After quarter century, race series still stokes locals’ competitive fire | AspenTimes.com
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After quarter century, race series still stokes locals’ competitive fire

Steve Benson
Thomas Wieringa rounds a town race series gate at Aspen Highlands on Sunday. Aspen Times photo/Mark Fox.
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It’s not necessarily about winning or losing, but it’s not just a walk in the park, either. With The Aspen Times Town Race Series entering its 25th season – it is the country’s longest running town ski-racing series – several regulars spoke about the addiction of bashing gates and what continues to drive them after all these years.The field is diverse, both in age and talent. Some racers are in their 20s, others are older than 60. There are a few ex-U.S. Ski Team members, while some have no formal racing background at all. For most, this is the end of the line in their ski racing careers, but that doesn’t matter.No doubt the series is competitive, with names like Dave Durrance, Dave Stapleton and Chris Tache – all former professional racers – dotting the field. But most participants contend it’s not really a competition, at least not with the other racers. “Sure I like to win, being the second oldest racer in the league,” said Durrance, a U.S. Ski Team coach and owner of Durrance Sports. “But I don’t have a grudge against anyone, there’s not anyone I need to beat.”I’m really just competing with myself.”Most couldn’t really pinpoint why they still race; some would just shrug their shoulders when asked. Perhaps it’s like asking a dessert freak why she likes chocolate. For the racers who’ve been bashing gates their entire lives, it’s just a part of who they are; for the less experienced, it’s the

excitement of seeing constant improvement. But all of them seem to view the sport as a personal endeavor, such as an artist mastering his craft.”I can’t stop, I don’t know when to stop,” Mike Sladdin said over a beer at the Thunderbowl Cafe at Aspen Highlands, where participants gather every Saturday and Sunday afternoon to sip beers and watch film of the race. “I hope to be able to race another lifetime.”Gary Gleason, a longtime series racer, said the course offers something one can’t find when free skiing. In racing, you can’t just change your line to make adjustments, he said. Instead, you have to make adjustments to your technique.”The discipline itself to me is rewarding,” Gleason said.”A golf course is usually the same, a tennis court is always the same, but racing is always changing,” Durrance said. “Every run is different and part of the challenge is attending to the changes.”Cindy Lindsay, a longtime racer and one of a handful of women who compete in the series, thrives on the challenge.”The thrill of trying to go fast in a controlled environment is great,” she said. “But we need more women.”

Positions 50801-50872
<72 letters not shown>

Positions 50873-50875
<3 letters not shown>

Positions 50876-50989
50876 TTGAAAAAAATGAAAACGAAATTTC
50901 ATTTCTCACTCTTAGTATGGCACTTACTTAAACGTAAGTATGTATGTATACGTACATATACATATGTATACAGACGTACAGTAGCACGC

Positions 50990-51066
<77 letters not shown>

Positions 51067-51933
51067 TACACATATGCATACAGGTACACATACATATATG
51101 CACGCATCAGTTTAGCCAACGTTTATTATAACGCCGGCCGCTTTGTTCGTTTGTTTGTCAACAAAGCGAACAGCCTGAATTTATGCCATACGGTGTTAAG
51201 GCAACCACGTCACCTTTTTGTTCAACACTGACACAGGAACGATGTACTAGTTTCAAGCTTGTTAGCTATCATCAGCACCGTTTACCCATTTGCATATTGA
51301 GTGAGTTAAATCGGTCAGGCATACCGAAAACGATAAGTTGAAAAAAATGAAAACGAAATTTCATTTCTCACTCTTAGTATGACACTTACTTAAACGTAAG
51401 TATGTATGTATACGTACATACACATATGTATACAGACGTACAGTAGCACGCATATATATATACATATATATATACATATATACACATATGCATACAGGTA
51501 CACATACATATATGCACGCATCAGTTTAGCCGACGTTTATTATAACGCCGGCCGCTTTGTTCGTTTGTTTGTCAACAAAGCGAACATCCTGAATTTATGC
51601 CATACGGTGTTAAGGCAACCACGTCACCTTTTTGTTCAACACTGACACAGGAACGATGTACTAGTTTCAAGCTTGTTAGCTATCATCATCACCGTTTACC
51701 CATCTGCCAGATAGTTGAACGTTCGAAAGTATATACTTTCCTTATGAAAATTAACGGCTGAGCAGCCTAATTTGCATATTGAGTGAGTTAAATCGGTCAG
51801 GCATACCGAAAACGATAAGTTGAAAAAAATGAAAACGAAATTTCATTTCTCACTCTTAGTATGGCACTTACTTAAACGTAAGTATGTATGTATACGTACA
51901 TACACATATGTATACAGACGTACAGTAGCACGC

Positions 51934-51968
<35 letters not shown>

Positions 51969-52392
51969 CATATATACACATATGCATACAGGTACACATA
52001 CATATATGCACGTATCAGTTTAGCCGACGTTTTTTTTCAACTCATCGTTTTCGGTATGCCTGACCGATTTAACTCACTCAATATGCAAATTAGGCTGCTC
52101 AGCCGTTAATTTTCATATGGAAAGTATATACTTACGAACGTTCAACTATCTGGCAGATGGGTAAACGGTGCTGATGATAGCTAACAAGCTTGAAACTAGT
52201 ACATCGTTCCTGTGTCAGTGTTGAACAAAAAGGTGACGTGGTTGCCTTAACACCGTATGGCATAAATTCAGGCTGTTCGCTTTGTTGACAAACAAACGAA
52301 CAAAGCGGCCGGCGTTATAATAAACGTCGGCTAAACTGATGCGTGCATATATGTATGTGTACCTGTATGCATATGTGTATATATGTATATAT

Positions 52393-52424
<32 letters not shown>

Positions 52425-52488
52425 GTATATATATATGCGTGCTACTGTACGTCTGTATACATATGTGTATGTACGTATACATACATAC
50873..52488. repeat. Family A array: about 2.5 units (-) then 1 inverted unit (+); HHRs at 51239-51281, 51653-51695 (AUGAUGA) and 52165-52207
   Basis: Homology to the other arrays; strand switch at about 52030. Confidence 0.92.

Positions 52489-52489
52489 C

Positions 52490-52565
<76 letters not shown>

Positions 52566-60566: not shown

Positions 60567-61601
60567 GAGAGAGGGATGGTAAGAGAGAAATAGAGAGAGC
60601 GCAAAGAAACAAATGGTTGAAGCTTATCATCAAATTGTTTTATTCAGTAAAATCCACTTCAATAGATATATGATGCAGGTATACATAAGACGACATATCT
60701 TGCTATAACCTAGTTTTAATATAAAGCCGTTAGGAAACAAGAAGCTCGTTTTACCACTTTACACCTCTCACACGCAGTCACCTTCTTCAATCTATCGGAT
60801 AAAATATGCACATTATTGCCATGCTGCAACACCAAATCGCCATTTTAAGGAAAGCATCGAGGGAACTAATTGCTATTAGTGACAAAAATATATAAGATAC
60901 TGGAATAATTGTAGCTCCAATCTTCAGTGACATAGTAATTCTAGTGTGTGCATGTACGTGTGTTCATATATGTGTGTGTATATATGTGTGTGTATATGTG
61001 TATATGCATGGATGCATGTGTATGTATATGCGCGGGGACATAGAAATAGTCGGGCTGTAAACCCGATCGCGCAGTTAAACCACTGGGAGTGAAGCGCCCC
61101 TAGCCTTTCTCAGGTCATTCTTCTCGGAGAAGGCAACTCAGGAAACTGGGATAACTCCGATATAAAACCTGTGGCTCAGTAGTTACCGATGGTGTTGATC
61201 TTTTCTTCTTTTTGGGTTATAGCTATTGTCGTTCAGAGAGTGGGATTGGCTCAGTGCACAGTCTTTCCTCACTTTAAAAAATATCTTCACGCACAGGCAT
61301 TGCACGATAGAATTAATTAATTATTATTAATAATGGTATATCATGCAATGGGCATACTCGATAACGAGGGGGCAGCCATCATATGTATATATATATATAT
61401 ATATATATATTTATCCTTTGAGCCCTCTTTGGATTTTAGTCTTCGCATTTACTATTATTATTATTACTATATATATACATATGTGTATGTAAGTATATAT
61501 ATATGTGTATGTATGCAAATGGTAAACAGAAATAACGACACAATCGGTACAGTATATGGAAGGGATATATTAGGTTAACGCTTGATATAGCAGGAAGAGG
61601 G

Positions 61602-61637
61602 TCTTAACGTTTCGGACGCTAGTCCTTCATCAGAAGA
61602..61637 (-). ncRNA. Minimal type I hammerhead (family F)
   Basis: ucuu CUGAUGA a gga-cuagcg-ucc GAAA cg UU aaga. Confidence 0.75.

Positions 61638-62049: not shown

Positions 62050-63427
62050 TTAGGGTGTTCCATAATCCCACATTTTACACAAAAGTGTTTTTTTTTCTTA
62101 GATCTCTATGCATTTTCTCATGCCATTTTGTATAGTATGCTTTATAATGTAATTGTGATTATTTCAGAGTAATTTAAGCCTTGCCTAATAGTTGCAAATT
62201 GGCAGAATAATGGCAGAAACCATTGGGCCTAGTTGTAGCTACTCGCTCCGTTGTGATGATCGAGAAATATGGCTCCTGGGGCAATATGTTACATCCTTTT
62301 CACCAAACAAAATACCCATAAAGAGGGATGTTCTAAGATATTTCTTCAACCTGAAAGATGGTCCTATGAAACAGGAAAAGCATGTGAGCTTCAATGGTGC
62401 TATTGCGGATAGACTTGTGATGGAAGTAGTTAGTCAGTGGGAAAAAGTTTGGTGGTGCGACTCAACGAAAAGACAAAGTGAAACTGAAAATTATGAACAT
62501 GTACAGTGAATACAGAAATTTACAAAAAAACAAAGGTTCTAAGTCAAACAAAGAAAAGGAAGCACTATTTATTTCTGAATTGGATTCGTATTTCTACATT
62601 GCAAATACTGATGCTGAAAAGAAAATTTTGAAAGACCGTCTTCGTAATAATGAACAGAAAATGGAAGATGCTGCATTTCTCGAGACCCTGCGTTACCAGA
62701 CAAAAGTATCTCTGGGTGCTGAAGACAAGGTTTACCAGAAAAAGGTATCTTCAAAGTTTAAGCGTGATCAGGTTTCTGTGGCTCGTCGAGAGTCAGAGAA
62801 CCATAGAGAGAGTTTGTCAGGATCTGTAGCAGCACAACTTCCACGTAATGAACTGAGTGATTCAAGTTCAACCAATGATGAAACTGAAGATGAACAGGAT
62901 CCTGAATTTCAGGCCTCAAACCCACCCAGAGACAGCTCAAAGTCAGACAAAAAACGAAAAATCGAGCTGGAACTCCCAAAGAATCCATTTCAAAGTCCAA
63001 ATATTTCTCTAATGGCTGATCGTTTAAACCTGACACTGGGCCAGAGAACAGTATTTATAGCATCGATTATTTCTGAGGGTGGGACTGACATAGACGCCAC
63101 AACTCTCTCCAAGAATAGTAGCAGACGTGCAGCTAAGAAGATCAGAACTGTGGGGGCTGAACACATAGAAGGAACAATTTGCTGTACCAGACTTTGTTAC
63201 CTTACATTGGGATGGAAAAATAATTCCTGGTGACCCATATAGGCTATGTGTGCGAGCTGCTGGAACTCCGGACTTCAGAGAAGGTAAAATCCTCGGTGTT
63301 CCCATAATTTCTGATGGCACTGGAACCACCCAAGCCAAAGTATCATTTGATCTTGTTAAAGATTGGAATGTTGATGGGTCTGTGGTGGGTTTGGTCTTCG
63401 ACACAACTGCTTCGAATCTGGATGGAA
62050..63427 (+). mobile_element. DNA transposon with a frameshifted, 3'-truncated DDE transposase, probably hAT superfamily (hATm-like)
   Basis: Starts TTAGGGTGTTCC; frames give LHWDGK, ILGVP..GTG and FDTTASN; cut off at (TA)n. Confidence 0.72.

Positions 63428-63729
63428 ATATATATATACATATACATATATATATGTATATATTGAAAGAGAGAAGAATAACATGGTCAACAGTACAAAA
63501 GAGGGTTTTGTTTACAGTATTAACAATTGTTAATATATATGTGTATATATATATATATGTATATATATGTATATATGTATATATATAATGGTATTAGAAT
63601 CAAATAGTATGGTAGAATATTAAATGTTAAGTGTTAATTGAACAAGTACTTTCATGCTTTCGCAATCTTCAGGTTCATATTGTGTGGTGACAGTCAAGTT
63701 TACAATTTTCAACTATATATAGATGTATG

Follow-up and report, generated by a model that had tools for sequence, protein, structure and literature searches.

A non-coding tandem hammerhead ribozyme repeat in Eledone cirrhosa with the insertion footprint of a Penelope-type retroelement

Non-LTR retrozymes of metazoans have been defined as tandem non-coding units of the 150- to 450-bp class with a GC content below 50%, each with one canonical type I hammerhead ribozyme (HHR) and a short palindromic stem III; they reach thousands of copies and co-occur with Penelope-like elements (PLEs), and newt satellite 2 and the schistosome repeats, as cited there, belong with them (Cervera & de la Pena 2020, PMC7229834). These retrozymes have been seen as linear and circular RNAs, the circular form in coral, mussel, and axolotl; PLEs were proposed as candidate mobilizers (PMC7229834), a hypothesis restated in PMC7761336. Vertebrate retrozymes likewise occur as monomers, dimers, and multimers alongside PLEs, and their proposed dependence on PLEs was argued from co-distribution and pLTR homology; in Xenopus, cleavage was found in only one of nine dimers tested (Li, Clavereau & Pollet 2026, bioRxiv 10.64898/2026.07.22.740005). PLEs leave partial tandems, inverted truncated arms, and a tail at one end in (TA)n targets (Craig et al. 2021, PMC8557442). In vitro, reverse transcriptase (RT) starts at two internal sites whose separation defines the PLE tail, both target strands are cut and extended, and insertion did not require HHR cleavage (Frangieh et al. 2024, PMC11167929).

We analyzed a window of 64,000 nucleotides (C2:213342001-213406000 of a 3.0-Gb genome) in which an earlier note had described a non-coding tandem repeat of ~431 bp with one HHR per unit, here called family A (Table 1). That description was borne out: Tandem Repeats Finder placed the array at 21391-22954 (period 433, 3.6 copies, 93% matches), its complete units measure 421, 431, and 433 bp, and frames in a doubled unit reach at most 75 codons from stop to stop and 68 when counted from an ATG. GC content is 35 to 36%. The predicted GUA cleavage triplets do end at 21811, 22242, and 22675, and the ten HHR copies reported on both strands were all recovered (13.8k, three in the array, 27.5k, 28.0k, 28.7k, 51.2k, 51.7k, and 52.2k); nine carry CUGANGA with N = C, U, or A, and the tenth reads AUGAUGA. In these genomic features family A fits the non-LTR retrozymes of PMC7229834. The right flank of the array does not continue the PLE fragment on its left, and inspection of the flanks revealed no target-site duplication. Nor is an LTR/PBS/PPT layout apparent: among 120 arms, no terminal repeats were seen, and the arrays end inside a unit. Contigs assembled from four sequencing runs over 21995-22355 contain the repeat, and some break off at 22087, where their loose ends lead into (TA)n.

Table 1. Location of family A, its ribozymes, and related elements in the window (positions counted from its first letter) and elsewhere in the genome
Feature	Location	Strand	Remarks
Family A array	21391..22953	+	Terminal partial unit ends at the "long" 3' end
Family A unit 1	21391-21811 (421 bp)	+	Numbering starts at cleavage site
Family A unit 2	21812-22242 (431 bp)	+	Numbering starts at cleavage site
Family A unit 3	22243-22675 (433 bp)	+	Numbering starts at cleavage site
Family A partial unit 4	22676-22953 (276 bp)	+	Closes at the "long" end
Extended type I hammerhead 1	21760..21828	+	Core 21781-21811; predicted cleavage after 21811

Town series race director Scott Nichols of the Aspen Skiing Co. has been running the series since 1981. He’s seen a lot of changes over the years, especially the evolution ofthem hasn’t changed.”Anytime you’re in a [race], the butterflies get going and you push as hard as you can – no matter what age you are,” he said.The location of the course, the Golden Horn and Thunderbowl runs at Aspen Highlands, hasn’t changed, either. And it’s regarded by some, including former world champion Marc Girardelli, as the best giant slalom course in the world.”It has a lot of undulating terrain with a combination of steeps and flats,” Nichols said. “The snowmaking crews and the groomers at Aspen Highlands are the heroes who put it all together.”Durrance said he’s still struck with a jolt of excitement when he sees a hill set with gates.”Oh boy, there’s a course,” he laughed.And when he competes or trains he’s thinking about “keeping my technique and skiing moving forward in a modern way.”

Tache, a former U.S. Ski Team racer, who along with his brother runs Tache Racing clinics, said he got bored with free skiing. After a lengthy hiatus from racing, Tache, whose father raced in the 1950 FIS World Championships in Aspen, said he feels like he’s caught the bug again.”It’s addictive. It takes a lot of work to get just a little bit better,” he said.And like any junkie, it’s nice to have friends with similar addictions.Jim Lindsay, who’s been racing in the series since its inception, said the camaraderie is a big motivator.”I have friends I’ve been racing with for 25 years,” he said.The Aspen Times Town Race Series offers advanced races on Saturdays, while the recreation league, which includes telemarking and snowboarding divisions, takes place on Sundays.Steve Benson’s e-mail address is sbenson@aspentimes.com


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